Customer Reviews for

Hawkeye - Volume 1: My Life As A Weapon (Marvel Now)

Average Rating 5
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  • Posted March 21, 2013

    This was a fun read.  Hawkeye, Clint Barton, is portrayed as a d

    This was a fun read.  Hawkeye, Clint Barton, is portrayed as a down on his luck everyman—good at heart but willing to break, let alone bend, the rules—who lives with the advantage (and disadvantage) of being a member of the world’s most powerful team of superheroes.
    This is more spy thriller/gumshoe detective story, however, than superhero adventure.  Clint never makes a proper in-costume appearance in the book and while some well-known Marvel villains appear, they’re of the organized crime or secret society variety and mesh with the story well (though the tracksuit wearing Russian mobsters are much more fun).  In fact, when Captain America makes a brief appearance, his superhero costume is so jarringly out of place with the flavor of the book that I found myself thinking that a character I normally love looked like a total doof.
    The book collects the first five issues of the Hawkeye comic book and this breaks down into three stand-alones and one two-part story.  Nothing too convoluted and a good introduction to the main characters (Clint Barton and the Young Avenger who also uses the Hawkeye tag, Kate Bishop).  When you add in the fact that the art meshes with the tone of the stories perfectly, this is a book I would recommend not just to fans of the Avengers and superhero comics in general, but to someone with an interest in comics who cannot get past capes and tights.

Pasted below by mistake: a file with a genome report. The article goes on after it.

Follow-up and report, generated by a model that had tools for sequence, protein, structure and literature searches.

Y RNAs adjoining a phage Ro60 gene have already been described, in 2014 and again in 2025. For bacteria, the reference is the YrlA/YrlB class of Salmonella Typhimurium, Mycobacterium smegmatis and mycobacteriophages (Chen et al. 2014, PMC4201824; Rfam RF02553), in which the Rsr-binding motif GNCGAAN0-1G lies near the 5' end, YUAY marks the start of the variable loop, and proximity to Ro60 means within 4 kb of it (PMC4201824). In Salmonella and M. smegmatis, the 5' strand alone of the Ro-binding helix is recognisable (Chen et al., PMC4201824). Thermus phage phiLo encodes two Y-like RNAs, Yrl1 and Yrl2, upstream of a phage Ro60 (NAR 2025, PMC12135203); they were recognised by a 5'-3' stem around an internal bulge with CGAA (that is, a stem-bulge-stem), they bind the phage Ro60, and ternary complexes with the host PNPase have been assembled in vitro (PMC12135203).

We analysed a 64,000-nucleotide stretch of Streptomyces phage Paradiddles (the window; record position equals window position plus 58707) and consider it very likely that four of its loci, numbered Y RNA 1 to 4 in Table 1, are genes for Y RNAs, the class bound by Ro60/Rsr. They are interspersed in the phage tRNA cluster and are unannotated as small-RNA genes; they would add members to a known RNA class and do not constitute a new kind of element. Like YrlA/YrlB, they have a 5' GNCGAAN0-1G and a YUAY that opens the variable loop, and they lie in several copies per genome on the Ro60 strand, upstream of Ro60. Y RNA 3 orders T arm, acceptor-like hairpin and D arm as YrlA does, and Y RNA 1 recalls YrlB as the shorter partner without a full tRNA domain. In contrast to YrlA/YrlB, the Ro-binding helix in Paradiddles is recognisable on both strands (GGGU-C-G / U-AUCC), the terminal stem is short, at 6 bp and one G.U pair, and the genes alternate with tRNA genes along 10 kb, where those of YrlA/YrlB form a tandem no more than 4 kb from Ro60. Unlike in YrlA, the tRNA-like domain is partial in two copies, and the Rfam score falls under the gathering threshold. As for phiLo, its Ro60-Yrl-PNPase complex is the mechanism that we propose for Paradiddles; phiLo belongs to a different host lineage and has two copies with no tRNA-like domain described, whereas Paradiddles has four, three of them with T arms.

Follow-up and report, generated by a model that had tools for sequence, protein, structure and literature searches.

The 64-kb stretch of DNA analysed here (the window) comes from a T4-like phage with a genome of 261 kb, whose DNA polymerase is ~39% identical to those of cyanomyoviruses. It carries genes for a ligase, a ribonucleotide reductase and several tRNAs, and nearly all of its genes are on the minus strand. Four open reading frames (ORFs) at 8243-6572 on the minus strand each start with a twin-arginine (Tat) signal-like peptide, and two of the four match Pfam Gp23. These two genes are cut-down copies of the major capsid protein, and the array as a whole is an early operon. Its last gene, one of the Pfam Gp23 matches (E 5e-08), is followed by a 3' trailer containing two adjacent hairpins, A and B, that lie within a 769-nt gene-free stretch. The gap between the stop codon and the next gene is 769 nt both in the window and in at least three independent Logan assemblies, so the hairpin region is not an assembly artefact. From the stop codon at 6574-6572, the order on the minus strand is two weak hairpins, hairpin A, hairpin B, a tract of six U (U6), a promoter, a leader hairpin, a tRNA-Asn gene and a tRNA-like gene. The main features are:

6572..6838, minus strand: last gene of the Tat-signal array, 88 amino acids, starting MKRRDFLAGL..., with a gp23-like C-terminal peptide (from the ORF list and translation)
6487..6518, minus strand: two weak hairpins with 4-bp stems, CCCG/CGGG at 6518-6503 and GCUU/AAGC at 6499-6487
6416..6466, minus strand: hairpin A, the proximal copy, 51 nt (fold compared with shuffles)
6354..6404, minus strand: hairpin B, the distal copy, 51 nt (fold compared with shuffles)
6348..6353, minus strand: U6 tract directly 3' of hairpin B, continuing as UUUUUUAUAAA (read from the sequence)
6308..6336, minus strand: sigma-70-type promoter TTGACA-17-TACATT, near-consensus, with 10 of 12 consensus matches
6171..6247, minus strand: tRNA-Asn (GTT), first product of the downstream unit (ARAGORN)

The book also includes a sixth story, a reprint of an earlier Young Avengers Presents issue featuring Kate Bishop meeting and earning the respect of Clint Barton, who was then working under a different alias, Ronin.  This story really fell flat on its face as a wrap up to this book.  The art is in standard superhero mode, which clashes with the feel of the rest of the book and Clint’s portrayal and his relationship with Kate are distinctly different, ending the book with a letdown.  In the main stories part of Clint’s charm is that he’s essentially a loser made good who seems constantly one misstep away from screwing everything up, with Kate, his seeming protégé, coming across as more calm, collected, and able.  To end the book then, with Clint in generic, superhero mode (high morals paired with an ugly costume) able to instantly disappear the moment a befuddled Kate turns her back, made for a dissatisfying close to an otherwise great book.  I realize six issues is generally the goal for these collected editions, but the first five issues collected here stand strongly on their own and the overall reading experience of this book would have benefited from the absence of the final inclusion.

    1 out of 1 people found this review helpful.

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  • Posted November 9, 2014

    I loved this, and can see why people have been raving about it a

    I loved this, and can see why people have been raving about it as a book that manages to have high stakes for the character without taking itself too seriously. The only reason it doesn't get five stars is that I felt the art, which had a gorgeously simplistic style to it for the first three issues, falls off notably in the last two, which is important since there's a surprise character reveal that doesn't quite work because the reveal is the first time we see the character in this lesser style and so the moment loses impact in the resulting confusion.

    If the series can stay this strong, though, I'll definitely keep picking up the trades.

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